Digital certificate breach at Indian authority also targeted Yahoo domains, possibly others

The full scope of the security breach is currently unknown, a Google security engineer said

The scope of a recent security breach at a digital certificate authority (CA) controlled by the Indian government is bigger than initially thought and also targeted domain names owned by Yahoo, in addition to several owned by Google.

Google said Tuesday that a week earlier it detected several certificates for Google domain names that had been issued without authorization by the National Informatics Centre (NIC), a branch of the Indian Ministry of Communications and Information Technology.

Certificate authorities are supposed to only issue digital certificates to the owners of the domain names for which they are requested. That's because in the hands of attackers rogue certificates can be used to impersonate legitimate websites and snoop on the encrypted communications of users who connect to those sites if their connections are intercepted en route.

As a CA, NIC was subordinated to India's Controller of Certifying Authorities (India CCA), a certificate authority included in the Microsoft Root Store and trusted by default by the majority of programs that run on Windows, including Google Chrome and Internet Explorer. Mozilla Firefox wasn't affected by the incident because it maintains its own root store that didn't include India CCA. Web browsers running on Linux, Android or Mac OS X were not affected either.

It wasn't clear initially whether NIC issued the rogue certificates for Google's domain names as a result of human error or a security breach, but an investigation by India CCA pointed to the latter.

India CCA "reported that NIC's issuance process was compromised and that only four certificates were misissued; the first on June 25," Google security engineer Adam Langley said Wednesday in an update to his original blog post about the issue. Of the four certificates wrongly issued by NIC and identified by India CCA, three were for Google domain names and one was for domains belonging to Yahoo, Langley said.

India CCA and NIC did not immediately respond to an inquiry seeking more information about how the breach occurred and its impact.

According to Langley, Google is aware of more rogue certificates issued by NIC aside from the four mentioned by India CCA. As a result the company "can only conclude that the scope of the breach is unknown," he said.

NIC's own CA certificates have been revoked by India CCA following the compromise and the organization has a notice on its website that reads: "Due to security reasons NICCA [NIC Certifying Authority] is not issuing certificates as of now. All operations have been stopped for some time and are not expected to resume soon."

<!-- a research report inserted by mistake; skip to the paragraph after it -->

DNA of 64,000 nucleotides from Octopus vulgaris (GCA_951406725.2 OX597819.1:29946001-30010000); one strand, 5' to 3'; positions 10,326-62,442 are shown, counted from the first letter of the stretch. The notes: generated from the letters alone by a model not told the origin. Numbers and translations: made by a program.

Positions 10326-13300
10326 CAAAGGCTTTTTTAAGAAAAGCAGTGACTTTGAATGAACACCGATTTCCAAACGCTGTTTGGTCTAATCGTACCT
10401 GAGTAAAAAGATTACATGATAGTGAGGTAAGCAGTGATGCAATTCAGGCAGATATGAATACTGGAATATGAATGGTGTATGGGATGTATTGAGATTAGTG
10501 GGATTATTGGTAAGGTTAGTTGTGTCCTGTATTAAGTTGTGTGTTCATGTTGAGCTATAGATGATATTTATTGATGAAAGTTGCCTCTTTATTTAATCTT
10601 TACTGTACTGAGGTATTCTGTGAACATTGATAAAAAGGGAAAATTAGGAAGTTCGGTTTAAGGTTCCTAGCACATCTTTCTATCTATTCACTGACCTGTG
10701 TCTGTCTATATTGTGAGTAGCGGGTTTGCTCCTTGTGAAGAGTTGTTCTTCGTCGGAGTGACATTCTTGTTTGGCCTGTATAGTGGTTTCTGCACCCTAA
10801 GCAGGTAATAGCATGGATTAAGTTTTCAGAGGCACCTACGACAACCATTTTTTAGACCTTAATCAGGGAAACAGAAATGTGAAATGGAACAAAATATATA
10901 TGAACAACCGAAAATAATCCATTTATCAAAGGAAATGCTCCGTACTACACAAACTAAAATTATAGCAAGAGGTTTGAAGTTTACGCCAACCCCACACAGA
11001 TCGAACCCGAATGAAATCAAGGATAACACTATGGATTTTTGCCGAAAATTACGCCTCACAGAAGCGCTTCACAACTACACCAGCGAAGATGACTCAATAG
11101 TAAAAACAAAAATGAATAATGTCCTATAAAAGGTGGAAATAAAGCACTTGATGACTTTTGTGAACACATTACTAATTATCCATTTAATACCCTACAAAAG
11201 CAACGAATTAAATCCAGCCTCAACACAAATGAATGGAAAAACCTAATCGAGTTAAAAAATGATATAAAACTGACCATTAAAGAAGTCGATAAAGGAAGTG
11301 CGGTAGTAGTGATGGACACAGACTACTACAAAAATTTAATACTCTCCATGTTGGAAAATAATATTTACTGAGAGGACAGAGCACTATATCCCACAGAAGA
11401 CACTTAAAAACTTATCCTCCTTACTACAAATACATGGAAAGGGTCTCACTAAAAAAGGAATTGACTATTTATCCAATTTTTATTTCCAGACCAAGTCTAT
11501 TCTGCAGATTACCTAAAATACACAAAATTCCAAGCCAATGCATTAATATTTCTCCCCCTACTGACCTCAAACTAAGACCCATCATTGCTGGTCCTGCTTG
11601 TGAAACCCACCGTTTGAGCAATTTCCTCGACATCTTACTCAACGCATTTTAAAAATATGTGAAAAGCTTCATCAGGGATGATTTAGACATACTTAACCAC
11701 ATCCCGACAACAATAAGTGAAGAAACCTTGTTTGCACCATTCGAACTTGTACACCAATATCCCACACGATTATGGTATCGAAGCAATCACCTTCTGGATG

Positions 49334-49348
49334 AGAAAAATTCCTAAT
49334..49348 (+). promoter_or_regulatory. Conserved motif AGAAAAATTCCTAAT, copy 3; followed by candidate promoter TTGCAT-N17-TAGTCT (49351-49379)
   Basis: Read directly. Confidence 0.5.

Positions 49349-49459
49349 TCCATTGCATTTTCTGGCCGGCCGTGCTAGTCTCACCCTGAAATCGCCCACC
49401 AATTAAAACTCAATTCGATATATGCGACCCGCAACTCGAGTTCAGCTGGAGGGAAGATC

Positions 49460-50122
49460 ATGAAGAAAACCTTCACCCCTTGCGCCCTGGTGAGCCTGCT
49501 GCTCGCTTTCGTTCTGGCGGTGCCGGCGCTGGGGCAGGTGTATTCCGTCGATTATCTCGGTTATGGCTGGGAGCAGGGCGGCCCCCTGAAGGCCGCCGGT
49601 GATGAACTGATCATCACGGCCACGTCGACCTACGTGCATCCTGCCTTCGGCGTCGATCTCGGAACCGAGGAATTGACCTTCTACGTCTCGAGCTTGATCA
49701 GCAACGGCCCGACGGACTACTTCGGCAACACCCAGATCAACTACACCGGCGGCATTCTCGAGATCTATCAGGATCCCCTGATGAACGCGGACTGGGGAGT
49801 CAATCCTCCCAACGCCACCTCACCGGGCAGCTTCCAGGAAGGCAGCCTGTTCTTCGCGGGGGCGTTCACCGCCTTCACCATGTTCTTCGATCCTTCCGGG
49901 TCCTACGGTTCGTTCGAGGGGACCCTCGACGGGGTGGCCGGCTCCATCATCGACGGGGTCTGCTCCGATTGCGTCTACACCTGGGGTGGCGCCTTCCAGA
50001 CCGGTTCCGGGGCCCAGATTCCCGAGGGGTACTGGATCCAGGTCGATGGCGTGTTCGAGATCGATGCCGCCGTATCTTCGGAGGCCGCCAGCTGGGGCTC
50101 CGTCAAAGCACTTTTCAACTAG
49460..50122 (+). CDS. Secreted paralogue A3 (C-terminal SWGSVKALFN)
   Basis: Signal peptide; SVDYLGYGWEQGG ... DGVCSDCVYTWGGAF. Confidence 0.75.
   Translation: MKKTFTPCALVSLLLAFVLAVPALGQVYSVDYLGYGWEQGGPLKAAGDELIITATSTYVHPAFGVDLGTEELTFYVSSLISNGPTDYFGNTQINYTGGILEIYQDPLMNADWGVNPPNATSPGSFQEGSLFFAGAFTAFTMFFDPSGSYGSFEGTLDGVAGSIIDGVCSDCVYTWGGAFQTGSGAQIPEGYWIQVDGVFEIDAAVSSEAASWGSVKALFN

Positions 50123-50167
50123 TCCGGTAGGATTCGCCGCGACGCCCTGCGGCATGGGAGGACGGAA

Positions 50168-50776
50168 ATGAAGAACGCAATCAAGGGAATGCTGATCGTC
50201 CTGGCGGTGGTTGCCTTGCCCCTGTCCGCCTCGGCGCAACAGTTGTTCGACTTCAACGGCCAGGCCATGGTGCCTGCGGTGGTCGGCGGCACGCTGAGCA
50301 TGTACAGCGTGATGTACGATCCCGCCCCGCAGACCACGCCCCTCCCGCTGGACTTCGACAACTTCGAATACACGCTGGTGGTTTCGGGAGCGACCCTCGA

The revocation has affected Indian government websites with SSL certificates issued by NIC, because revoking a CA certificate invalidates all certificates signed by it. For example, attempting to access https://rtionline.gov.in/, an Indian government portal for submitting right to information (RTI) requests, in Google Chrome or Internet Explorer will result in a security error because its certificate was issued by NIC and is no longer trusted.

Despite the security breach happening at NIC, Google holds India CCA responsible as well because NIC's CA operated under its authority.

"A root CA is responsible for all certificates issued under its authority," Langley said. "In light of this, in a future Chrome release, we will limit the India CCA root certificate to the following domains and subdomains thereof in order to protect users: gov.in, nic.in, ac.in, rbi.org.in, bankofindia.co.in, ncode.in, tcs.co.in," he said.

SSL certificates for any other domain names that chain back to India CCA will no longer be accepted in Chrome.

NIC is not the first government-run certificate authority to issue rogue certificates. In September 2013, a CA certificate owned by the Treasury department of the French Ministry of Finance was used to issue rogue certificates for several Google domain names. The incident was the result of human error.

In July 2011, a hacker broke into the infrastructure of DigiNotar, a certificate authority used by the Dutch government, and issued hundreds of rogue certificates for high-profile domains. DigiNotar filed for bankruptcy following the security breach.

Incidents like these have raised questions about the security and trustworthiness of the public key infrastructure (PKI) in which hundreds of certificate authorities operated by private and public organizations have the power to issue certificates for any domain on the Internet that would be trusted by most browsers and operating systems. Several technical solutions have been proposed to limit the possible impact of CAs being compromised, but none of them have been widely adopted so far.

Google Chrome has a feature called public-key pinning that only accepts pre-defined certificates for some high-profile domain names. This feature would have prevented the rogue Google certificates issued by NIC from being used against Chrome users, but the solution only protects a limited number of popular domains.

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